Using Formula Tracing in Excel
Formula tracing is a fantastic visual tool in Excel you can use to understand 1) which cells a given formula is referencing and 2) whether a given cell (or range of cells) is used by a formula elsewhere. Both have their uses, but it’s certainly the latter I get the most use from.
Read on to learn more about this feature and how to use it to ‘debug’ and clean-up your Excel files.
Trace Precedents is the method we use to understand which cells will impact a given formula.
In my sample data, I have some raw data in the form of annual house building rates, and a few arbitrary summary boxes.
In my summary boxes, I select the cell I want to trace, then from the Ribbon tab, select FormulasàTrace Precedents
You will now see a series of blue arrows indicating which cells – or ranges – are feeding into that formula
And you can layer these – I can see that there’s an arrow pointing to a value on the top-right summary box (Max value for All). Selecting this value will add additional arrows relevant to this cell.
The Bold blue lines denote that a range is referenced (with a blue box around the range), whereas a slim blue line denotes a single cell is referenced.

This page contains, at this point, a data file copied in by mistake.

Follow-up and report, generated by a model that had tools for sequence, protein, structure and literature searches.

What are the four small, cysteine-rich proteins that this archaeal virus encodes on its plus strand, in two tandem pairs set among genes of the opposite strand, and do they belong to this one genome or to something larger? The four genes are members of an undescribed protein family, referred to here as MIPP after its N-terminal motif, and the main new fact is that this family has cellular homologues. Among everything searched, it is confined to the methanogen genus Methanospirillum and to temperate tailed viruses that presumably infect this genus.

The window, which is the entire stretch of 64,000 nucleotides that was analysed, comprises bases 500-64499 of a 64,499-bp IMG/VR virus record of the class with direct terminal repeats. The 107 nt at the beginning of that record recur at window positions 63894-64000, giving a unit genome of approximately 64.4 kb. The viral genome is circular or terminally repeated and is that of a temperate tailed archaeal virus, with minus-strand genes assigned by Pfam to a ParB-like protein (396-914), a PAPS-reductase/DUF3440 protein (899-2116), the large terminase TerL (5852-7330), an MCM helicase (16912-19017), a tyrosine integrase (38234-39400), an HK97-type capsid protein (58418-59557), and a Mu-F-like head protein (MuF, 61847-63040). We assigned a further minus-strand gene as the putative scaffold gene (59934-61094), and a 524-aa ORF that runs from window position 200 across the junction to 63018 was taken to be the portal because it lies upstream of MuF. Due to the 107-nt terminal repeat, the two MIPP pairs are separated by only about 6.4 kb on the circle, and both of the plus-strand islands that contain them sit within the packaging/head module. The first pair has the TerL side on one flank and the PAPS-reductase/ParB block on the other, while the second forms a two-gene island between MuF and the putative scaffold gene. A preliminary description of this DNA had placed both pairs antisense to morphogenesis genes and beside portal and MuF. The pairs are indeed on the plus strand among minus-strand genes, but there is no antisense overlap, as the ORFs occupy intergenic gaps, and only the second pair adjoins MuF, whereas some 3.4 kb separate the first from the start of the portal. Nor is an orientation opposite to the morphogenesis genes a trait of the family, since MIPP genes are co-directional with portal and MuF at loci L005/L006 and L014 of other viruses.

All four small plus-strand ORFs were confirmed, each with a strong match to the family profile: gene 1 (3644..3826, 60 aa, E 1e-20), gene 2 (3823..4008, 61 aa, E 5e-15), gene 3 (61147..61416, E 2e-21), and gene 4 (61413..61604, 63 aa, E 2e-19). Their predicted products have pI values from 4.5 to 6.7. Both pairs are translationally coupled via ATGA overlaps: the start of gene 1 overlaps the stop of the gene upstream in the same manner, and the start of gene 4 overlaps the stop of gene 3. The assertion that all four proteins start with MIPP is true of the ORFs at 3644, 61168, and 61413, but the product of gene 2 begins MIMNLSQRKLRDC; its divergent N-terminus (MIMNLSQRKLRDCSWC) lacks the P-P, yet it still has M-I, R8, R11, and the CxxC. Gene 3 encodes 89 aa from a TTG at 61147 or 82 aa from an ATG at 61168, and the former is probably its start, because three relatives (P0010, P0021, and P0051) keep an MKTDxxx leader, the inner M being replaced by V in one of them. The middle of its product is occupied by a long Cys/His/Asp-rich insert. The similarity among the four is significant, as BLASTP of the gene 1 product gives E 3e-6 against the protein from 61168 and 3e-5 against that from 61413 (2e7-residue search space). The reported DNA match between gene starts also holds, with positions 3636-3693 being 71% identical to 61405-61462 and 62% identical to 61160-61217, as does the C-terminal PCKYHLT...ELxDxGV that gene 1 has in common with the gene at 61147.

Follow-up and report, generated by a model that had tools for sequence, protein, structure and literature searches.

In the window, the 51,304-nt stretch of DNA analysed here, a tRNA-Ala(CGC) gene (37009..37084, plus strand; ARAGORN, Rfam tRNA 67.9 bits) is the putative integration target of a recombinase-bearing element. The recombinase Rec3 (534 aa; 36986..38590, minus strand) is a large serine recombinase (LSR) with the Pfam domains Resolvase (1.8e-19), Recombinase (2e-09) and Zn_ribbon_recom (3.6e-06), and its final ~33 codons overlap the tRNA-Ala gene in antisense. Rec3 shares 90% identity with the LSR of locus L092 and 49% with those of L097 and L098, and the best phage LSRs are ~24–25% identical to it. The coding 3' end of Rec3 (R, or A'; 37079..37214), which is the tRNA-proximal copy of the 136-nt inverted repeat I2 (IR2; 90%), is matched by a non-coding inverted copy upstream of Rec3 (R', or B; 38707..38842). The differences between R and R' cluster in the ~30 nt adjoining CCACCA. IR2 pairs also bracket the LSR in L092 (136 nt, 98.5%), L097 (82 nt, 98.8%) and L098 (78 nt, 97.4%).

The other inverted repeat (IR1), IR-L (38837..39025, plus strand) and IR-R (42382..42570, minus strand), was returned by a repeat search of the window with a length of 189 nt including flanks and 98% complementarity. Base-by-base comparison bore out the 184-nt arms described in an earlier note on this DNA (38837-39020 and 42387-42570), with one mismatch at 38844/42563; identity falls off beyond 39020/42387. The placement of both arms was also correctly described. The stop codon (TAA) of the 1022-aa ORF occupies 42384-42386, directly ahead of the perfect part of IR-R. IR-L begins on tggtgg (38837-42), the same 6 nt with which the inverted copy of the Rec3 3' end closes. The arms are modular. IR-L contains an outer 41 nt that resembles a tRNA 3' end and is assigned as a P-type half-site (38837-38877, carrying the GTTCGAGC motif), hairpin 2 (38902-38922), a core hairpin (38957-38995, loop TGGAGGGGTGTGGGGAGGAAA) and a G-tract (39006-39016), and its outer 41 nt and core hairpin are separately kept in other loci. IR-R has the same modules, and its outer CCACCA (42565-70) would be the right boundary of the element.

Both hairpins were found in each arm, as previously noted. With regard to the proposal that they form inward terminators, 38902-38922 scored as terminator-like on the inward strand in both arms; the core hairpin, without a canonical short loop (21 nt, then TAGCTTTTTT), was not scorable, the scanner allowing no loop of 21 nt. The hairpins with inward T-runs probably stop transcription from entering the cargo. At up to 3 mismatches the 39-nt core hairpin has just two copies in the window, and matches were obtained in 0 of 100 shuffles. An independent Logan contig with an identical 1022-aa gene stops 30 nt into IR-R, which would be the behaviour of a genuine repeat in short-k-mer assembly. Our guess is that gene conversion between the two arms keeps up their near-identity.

If your formula references locations in different sheets / files, you will see a dashed black line
Double-Clicking this line will bring up a Jump-Box listing the external references, and allows you to jump to those locations
This feature is fantastic for understanding, or diagnosing, more complex formulas in your workbook
Selecting ‘Remove Arrows’ clears the screen of all arrows, or allows you to remove just Dependants / Precedents
Whilst Trace precedents allows you to know which cells impact a given formula cell, Trace Dependants does the opposite – it tells you which cells reference a given cell in its formula.
This is useful, as it tells you if a given cell – either on its own, or as part of a range, is referenced in any formulas
Select your cell, and select ‘Trace Dependants’ from the Formula tab
This will now show you any cells with formulas references this cell, even if that formula is actually referencing a range of cells, not necessarily that cell explicitly.
As with Precedents, if a reference exists on another sheet, you will see a dashed line
And again, to remove the arrows, select Remove Arrows from the Formulas tab
That’s all there really us to it. Incredibly simple, but immensely powerful tool to help debug, test, clean-up and audit your (or someone else’s!) spreadsheet.
As far as i can tell, this functionality is not native to Google Sheets, but can be replicated by creating a script – but that’s very out of scope for this article! (maybe another day!)